In response to my post on Free Will and Determinism, two of my readers (thanks Seb and Ken!) recommended Daniel Dennett's work on the subject. In his lecture, entitled Herding Cats and Free Will Inflation, Dennett argues that while the laws of physics may determine beginnings and endings, in between, there are inevitable instances of "degrees of freedom" (even when talking about machines). These instances, these degrees of freedom, offer human individuals some opportunity for independence, for autonomy, for self-control. In the abstract debate over free will, what really matters, according to Dennett, is our ability to act independently and autonomously. In this context, Dennett underlines that "there is now a multi-billion-dollar competition among various giant companies to pull your strings, to control your attention."
The capacity of individuals and companies to distract you and to clamp your degrees of freedom so that you just don’t think about things that you really should be thinking about because you’re so distracted by all these other things which you can’t help looking at, and thinking about instead. The competition for your attention strikes at the heart of your freedom, your ability to think for yourself.
An agent who controls your attention controls you.
Down the rabbit hole!
Further down the rabbit hole in The Social Dilemma, we learn the "agent" controlling us isn't an individual, isn't a group or a company. In the first instance it is an algorithm and, inside the company, only a handful of people understand the algorithms, but even they don't know what the programs responding to the algorithms are doing or how they are doing it in real-time. The machine (server plus software) has been instructed to get users to look at screens as long as possible. The machine has been programmed to teach itself how to best accomplish this task. The machine learns through trial and error. It has billions of lab rats (that would be us) and can perform millions of tests in a relatively short period of time to figure out how (based on our personal data) to keep us looking at a screen. What works; what doesn't, and everything in between. Based on the machine's study of my data and past behaviour, it calculates where best to hide the off switch from a Sour Boomer like me, while littering my path with images of the elderly man I would like to look like and a series of ab exercises sponsored by a local gym franchise.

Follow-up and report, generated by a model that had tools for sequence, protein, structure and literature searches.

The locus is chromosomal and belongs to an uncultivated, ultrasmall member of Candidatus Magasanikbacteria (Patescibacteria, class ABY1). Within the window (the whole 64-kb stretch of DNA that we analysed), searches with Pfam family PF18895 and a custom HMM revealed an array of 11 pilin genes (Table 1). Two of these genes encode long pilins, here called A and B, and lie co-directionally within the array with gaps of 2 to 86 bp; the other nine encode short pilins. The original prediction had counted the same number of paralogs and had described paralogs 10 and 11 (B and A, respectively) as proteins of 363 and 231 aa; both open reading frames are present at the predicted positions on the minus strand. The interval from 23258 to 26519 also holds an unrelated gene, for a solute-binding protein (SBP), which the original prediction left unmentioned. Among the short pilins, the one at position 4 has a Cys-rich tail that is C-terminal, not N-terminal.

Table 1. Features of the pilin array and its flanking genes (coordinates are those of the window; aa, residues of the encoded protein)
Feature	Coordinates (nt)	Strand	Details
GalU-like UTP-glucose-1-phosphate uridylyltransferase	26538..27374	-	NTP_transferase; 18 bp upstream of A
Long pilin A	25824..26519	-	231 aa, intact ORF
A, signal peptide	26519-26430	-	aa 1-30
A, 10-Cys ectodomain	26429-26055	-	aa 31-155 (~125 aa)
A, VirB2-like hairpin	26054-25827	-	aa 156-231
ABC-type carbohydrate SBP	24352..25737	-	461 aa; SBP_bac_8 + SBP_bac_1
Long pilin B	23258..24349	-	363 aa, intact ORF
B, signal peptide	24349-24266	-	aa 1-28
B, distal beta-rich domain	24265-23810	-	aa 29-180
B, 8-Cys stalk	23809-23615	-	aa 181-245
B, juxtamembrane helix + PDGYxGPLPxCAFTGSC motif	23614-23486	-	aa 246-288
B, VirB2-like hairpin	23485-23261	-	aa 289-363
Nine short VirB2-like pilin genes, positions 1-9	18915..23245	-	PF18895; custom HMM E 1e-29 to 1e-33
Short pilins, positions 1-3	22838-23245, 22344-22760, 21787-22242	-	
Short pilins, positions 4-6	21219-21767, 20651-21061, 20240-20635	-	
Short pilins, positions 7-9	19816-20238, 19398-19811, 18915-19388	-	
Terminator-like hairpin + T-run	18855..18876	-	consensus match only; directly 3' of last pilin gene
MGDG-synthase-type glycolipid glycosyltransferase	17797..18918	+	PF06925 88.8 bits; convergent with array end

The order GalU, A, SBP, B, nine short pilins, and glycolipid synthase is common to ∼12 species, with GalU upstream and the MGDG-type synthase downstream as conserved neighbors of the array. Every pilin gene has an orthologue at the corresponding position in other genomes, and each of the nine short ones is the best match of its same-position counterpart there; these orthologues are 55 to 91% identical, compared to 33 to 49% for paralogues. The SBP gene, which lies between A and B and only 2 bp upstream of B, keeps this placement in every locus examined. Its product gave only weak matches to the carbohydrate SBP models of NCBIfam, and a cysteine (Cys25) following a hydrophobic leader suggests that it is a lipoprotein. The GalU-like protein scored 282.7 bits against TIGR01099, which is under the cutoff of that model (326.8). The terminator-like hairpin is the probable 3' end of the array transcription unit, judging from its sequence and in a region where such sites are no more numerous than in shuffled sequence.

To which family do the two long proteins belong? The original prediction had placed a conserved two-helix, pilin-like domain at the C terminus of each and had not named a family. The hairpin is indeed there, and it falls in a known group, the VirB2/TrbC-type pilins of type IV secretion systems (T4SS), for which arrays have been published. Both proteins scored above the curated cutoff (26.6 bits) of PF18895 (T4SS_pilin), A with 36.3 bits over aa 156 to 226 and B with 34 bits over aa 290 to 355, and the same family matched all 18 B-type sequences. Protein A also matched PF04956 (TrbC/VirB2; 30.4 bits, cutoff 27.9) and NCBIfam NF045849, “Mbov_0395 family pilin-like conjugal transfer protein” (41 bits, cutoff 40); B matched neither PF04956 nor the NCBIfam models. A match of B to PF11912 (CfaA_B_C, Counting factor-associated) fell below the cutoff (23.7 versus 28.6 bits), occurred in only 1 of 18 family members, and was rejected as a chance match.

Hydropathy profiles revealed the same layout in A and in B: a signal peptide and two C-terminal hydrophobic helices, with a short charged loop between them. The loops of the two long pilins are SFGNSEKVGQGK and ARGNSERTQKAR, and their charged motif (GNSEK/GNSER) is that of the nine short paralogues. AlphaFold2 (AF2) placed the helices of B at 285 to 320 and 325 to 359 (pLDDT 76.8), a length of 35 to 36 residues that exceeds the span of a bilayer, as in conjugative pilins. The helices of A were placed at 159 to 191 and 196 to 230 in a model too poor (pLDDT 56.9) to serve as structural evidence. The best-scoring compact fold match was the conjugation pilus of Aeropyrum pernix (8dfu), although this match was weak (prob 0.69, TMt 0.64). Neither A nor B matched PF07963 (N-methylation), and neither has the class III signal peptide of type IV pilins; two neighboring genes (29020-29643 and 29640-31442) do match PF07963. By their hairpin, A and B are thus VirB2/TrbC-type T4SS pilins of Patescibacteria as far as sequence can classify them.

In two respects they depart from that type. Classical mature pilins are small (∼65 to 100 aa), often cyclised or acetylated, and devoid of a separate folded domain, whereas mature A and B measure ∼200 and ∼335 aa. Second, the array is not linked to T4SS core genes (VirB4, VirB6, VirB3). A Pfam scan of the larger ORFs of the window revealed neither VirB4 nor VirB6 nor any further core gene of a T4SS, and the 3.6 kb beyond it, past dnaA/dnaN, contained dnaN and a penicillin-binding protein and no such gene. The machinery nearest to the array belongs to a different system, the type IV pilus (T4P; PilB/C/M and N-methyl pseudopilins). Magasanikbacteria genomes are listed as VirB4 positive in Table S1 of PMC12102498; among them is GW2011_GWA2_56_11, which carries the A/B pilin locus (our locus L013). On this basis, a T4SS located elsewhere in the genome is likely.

Understanding the stakes
Jaron Lanier asserts and Dennett concurs that if you think a company like Facebook wants your data so they can sell it to a third party, you have no idea what game is being played. Your data is too useful, too valuable, to be sold to a third party. Certainly, Facebook has proven that your data can be successfully monetized by matching your data with the products of an advertiser. But even monetization isn't the whole story; after all, we are talking about companies that are already the richest companies in the history of the world. They can change you, me, and the teenage girl who wants plastic surgery to look more like her filtered Snapchat photo. Lanier argues that a subtle one-percent change in the world, in how we think and feel and are, is a greater measure of power than anything that can be accomplished with a few billion dollars. Why would they do this? For the worst of all possible reasons: because they can.